Guest post by Sarah Grant.

“The Inland Empire” is not just a surrealistic David Lynch film. I lived in the “IE” for eight years and I’m well aware of its ability to inspire a love / hate attitude. With an open mind and a bit of guidance there is a vast world of awesome to explore in the two-county (Riverside and San Bernardino) region.

TuxiesAs a former educator in the IE I have come to appreciate the resilience, perspective, and experiences of those who grew up in a place on the fringe of “real” southern California. The IE is worth visiting for its dramatic landscape but also for a burgeoning food, coffee, and arts scene.

To better understand what the IE is or rather how it came to be, you might start by reading City of Quartz: Excavating the Future in Los Angeles (Mike Davis, 1990) with a particular focus on the “Junkyard of Dreams” chapter. Don’t let this sully your impression of the IE; rather, let it open up possibilities for exploration and some of the best tacos known to humankind (too many taco options to list here).

If you’re making a concerted effort to visit the IE there is plenty to do but if you’re just passing through on your way to Joshua Tree National Park or Palm Springs make sure you devote a day to the area and check out these not-to-miss IE spaces:

Start off in downtown Riverside with a fancy breakfast of homemade chicken sausage and house-baked bread at Simple Simon’s (3639 Main St.) or greasy spoon diner food at Mr. T’s (4307 Main St) before wandering around the historic Mission Inn for an hour. While there, be sure to say hello to the parrot and take a photo of three people sitting together in President Taft’s chair.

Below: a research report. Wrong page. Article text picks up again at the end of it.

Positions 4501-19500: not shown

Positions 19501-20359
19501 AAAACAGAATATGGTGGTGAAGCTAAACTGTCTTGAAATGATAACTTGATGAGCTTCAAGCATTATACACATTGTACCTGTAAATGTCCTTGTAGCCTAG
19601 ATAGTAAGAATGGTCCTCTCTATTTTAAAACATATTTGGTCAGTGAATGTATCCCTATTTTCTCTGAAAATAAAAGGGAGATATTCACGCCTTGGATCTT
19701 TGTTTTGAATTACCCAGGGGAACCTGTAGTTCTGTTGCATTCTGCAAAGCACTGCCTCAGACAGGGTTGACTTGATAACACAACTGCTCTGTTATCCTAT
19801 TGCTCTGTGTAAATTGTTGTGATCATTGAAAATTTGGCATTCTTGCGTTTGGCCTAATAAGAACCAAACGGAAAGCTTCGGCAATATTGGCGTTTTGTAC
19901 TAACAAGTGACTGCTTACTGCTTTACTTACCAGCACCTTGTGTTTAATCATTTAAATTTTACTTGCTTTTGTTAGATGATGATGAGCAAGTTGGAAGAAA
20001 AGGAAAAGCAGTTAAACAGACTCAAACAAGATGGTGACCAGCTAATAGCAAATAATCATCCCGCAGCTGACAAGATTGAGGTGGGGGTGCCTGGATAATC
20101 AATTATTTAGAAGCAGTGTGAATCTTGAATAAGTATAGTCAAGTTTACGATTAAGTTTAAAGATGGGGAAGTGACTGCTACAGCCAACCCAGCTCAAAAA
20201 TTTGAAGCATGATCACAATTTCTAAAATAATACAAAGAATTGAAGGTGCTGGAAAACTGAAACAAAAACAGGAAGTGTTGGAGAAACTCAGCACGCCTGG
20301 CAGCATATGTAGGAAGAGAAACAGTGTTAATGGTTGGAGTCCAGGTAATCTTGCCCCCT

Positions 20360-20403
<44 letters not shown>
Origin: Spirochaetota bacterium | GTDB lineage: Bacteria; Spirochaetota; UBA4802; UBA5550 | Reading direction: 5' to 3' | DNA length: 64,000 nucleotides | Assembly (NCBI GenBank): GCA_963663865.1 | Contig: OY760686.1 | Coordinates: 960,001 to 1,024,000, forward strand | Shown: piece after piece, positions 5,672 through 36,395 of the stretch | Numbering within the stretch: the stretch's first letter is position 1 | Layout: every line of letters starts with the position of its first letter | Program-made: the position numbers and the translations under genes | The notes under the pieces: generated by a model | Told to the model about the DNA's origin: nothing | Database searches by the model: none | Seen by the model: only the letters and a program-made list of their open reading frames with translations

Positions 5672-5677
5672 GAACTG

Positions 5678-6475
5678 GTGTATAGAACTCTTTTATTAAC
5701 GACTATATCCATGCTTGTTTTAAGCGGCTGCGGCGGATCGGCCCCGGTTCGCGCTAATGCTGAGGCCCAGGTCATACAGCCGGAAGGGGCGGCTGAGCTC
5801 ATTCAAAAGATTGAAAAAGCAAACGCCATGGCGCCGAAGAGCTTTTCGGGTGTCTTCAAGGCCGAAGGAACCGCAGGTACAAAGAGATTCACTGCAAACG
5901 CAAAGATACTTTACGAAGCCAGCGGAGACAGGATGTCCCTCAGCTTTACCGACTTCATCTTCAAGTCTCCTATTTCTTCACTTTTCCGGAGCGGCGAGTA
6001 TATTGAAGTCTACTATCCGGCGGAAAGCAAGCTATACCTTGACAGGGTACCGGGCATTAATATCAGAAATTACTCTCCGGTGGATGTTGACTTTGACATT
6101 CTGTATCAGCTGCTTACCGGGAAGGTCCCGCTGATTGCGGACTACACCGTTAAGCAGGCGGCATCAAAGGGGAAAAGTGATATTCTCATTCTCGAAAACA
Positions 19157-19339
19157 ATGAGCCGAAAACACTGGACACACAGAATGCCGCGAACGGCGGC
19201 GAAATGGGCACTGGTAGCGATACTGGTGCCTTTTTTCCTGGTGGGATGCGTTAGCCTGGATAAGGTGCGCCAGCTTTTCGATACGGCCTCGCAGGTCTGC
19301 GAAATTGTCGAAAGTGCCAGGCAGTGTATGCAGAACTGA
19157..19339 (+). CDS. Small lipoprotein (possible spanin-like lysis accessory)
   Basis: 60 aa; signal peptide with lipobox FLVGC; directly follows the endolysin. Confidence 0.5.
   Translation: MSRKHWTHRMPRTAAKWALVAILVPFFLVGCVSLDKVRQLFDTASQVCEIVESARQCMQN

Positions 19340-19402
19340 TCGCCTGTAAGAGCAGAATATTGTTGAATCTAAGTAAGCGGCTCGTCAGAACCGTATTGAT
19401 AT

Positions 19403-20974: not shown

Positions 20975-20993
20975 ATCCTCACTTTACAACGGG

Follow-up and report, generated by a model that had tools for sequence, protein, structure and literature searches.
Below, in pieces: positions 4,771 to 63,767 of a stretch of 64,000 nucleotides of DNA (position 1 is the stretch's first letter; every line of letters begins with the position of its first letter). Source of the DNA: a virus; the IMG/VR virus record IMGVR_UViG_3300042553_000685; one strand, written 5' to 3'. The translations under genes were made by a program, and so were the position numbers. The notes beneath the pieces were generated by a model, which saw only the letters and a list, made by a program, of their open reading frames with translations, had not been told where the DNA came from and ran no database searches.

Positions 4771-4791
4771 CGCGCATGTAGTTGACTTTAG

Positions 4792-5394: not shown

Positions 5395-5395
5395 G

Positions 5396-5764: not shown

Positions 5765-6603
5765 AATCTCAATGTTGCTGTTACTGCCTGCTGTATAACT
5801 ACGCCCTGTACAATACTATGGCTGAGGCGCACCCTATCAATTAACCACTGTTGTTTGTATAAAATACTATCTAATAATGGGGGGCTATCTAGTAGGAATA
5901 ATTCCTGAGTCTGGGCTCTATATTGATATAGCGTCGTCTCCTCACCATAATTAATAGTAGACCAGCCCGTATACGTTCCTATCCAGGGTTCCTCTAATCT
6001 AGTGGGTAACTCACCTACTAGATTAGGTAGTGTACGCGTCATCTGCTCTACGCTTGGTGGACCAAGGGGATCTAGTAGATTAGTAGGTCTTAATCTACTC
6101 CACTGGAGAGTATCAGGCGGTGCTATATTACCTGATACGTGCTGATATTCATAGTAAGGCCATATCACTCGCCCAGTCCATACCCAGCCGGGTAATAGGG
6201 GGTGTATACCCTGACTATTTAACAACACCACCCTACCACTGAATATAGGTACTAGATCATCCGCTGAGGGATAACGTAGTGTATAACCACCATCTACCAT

From the Mission Inn, wander down the street to:

The California Museum of Photography
Sounds awesome, right? It is. It’s small but eclectic, engaged, and affordable. In addition to rotating exhibitions they host unique film viewing opportunities and an incredibly large (one of the largest in the US) photographic collection.

Inland Empire Tacos

From the CMP take a quick drive over to Tuxie’s Drive In (6030 Magnolia Ave) for $1 tacos on Thursdays and Saturday and a refreshing agua fresca or smoothie. If you prefer a sit-down, quirky experience Tio’s Tacos (3948 Mission Inn Ave) might be a better option. The carnitas plate is tasty enough but Tio’s is all about the atmosphere – found art and a glass bottle chapel will leave you scratching your head and wondering “what ARE you IE?!”

To caffeinate, visit local (and one of my favorites) roaster Augie’s Coffee Roasters. In addition to being the coolest, friendliest folks ever, they have two beautiful spaces in the IE. I recommend the Redlands location so you can map their red brick logo onto the building itself. Enjoy one of their affordable specialty drips, a pour over if you want to linger, or a cold brew on tap (the IE is very hot during the summer months) and walk around the corner to Parliament Chocolate. What’s that? You recognize the cute/hipster owl logo from a café or craft paper store in Seattle? Yes, that’s Parliament and their Dominican Republic Oko Caribe bar is incredible.

Redlands is adorable. Walk around the downtown area a bit or try to visit on Market Night (every Thursday 6-9) to check out the local art and music scene. And of course the IE too has (many) craft breweries. Don’t miss Hangar 24, one of the flagships in the area with frequent live music, food trucks, and an aviation savvy brewing crew.

That should cover a full, lovely day in the IE, but do explore on your own. Much of the beauty of the IE is found in accidental discoveries and word of mouth. The IE doesn’t bite!

Posted by Natalie Winslow